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Shawshank Redemption, The - Exploding Sewer
When Andy breaks into the sewrage pipe, sewrage spurts out all over the place. Then when he crawls out of the end we see that the sewer is open-ended, so why would there be so much pressure in the pipe? It's also only about a quarter of the way full!
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Contributed By:
Anonymous on 05-14-2000
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Comments:
Nigel Sutherland writes:
Sorry, but you are right - you aren't doing very well at that course! The pipe is an open system, and fluid dynamics (or hydraulics) are irrelevant. In any closed system even the tiniest fracture will equalize inner and outer pressures (given enough time) and the opening in the pipe from which Andy emerges is as wide as his shoulders! There is simply no way the fluid pressure in the pipe could be any higher than atmospheric pressure. One possible solution: a solid blockage of congealed sewage is being forced down towards the end of the pipe, and behind it is a large fluid mass. This is passing under Andy just as he hits the pipe. Big coincidence (and we saw no evidence of such a blockage) but that's Hollywood!
8 of 10 people found this comment helpful. Did you? Yes
RobNich writes:
"That's the way the director wanted it."
8 of 14 people found this comment helpful. Did you? Yes
Lavy writes:
Hydraulics aside, the director may just want to emphasize that Andy is about to crawl through human sewage in order to escape. If he were to break the pipe and nothing came out, viewers might think it is an empty pipe or a water pipe. Also, the gushing sewage gave Tim Robbins the chance to show the disgust on his face that wouldn't have been as apparent to the camera once he entered the pipe.
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stuart500 writes:
I'd like to know how 'Andy' knew...after crawling 'five football pitches' that he could quite simply kick off the grate at the end of the sewer? Could you imagine if he couldn't and had to crawl back???
1 of 1 people found this comment helpful. Did you? Yes
RonJLow writes:
The pipe could certainly be under pressure in one spot and open to the atmosphere elsewhere IF there was a change in elevation. Sewage can be heavier than water. A few feet of standing column could cause a real gushing.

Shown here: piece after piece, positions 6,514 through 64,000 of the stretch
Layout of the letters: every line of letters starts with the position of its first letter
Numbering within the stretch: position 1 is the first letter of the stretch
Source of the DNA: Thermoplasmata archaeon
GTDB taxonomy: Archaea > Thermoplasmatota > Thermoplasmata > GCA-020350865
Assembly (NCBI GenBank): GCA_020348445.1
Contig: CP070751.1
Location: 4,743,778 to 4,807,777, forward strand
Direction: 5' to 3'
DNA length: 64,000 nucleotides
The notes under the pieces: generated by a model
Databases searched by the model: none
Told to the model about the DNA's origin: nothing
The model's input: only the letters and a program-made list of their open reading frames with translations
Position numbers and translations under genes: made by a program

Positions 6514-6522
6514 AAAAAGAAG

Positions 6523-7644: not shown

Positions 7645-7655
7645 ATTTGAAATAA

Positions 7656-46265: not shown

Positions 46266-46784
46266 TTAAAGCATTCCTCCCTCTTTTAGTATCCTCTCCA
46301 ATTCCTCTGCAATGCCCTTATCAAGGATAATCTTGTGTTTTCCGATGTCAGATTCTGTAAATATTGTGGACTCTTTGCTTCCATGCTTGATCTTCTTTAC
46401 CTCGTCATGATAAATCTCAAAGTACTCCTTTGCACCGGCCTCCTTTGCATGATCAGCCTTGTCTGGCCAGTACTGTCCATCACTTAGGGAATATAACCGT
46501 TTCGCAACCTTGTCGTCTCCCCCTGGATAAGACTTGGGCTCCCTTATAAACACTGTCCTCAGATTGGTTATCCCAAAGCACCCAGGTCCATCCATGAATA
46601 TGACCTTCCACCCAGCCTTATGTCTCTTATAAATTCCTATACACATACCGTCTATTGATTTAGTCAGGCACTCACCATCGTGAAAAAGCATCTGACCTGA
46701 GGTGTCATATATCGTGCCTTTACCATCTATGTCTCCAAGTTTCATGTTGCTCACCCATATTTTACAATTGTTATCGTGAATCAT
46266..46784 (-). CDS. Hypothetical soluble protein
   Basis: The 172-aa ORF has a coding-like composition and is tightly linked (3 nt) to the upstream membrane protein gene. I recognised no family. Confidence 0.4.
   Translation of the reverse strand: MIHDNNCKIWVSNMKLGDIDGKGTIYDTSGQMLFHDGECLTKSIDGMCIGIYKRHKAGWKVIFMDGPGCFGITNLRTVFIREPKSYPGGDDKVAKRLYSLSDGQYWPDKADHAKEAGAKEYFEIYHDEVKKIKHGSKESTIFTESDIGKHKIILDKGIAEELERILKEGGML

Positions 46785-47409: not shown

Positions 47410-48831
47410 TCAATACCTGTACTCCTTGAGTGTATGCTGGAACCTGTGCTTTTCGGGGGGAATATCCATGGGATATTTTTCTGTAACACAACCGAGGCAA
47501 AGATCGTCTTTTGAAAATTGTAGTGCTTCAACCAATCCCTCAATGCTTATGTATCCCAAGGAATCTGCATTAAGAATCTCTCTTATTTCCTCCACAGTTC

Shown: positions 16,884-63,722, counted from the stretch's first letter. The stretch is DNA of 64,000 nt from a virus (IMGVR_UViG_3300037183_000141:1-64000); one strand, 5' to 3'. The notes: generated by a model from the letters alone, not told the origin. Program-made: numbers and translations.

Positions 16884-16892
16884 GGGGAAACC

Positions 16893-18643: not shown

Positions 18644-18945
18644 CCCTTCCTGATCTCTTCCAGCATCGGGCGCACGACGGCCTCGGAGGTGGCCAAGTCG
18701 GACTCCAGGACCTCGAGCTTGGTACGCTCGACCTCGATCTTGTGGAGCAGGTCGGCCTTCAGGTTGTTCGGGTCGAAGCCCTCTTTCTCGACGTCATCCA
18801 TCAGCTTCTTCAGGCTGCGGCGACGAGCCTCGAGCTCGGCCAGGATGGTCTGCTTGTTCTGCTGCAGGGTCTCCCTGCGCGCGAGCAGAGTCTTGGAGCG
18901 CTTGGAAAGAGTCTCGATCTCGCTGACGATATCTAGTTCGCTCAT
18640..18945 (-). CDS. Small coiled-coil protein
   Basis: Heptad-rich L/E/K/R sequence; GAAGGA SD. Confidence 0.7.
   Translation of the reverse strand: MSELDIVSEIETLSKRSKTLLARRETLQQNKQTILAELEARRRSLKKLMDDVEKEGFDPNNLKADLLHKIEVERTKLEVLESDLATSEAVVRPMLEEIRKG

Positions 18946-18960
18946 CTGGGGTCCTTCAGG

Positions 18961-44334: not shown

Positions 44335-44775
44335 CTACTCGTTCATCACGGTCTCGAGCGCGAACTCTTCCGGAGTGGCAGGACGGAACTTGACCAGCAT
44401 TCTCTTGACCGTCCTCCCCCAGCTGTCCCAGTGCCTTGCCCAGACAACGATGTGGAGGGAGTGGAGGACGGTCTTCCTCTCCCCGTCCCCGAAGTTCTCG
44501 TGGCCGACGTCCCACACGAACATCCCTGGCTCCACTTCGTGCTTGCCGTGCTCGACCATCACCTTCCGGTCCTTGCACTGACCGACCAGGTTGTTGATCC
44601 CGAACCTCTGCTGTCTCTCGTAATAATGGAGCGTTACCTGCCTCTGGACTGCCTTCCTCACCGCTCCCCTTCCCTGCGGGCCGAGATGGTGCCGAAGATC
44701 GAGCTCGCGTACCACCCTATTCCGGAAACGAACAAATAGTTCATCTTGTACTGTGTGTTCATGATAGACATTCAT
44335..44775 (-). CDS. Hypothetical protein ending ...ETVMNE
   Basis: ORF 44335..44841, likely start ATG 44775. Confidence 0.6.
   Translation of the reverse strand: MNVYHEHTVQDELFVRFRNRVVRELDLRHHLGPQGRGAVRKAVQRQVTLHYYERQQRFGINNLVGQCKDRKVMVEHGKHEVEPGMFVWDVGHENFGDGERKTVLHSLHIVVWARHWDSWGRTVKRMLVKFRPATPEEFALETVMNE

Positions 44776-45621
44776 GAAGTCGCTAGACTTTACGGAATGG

3 of 6 people found this comment helpful. Did you? Yes
davebernstein1@yahoo.com writes:
First, when Andy first comes into contact with his escape pipe, we can see that this section of pipe is level. If we assume for the sake of argument that the pipe is off level for some length of its total run, one could argue that the pipe could burst forth with some pressure. However, we need to remember that water seeks its own level. If the pipe was clogged at some point downstream from Andy's entry point, AND there was a considerable portion of pipe at a higher elevation from where Andy gained entry, then yes, the pipe would burst forth. However, if such was the case, the eruption would stop as soon as the water reached a static level. Further, the eruption would stop at a point when the water was equal in height to the top of the pipe; meaning that Andy would have to be submerged until he reached the clog downstream. The camera clearly shows Andy breaking through the pipe and then immediately looking inside to see the pipe partially full. Not possible. Fluid dynamics can not support this turn of events. Lastly, consider how a sewage pipe, so full of pressure, would allow anybody to successfully flush their toilets. Flushing aside, the toilets would backflow into the cells.
0 of 0 people found this comment helpful. Did you? Yes
Nigel Sutherland writes:
The pipeline Andy sits on is perfectly level, and the outflow is only slightly lower than the hole he cuts. It is shown clearly in a long shot. None of this matters - the pipeline must be level or very close to it as it is a quarter full of liquid sewage. It is moving slowly, or not at all. If it was "tilted" up or down relative to ground level one end would be full of liquid sewage and the other totally dry, and the sewage would be flowing down the pipe very rapidly. We see a gentle outflow gurgling away as Andy slides out - therefore the pipe is level, or the next best thing to it.
1 of 3 people found this comment helpful. Did you? Yes
Amgine writes:
I'm taking a fluid dynamics class right now, unfortunately I'm not doing so well in it, but I think I did pick up on a few things...the pressure at one point in a pipe isn't necessarily the same somewhere else in the pipe and lots of variables can be responsible for that, especially in a long pipe.
3 of 8 people found this comment helpful. Did you? Yes


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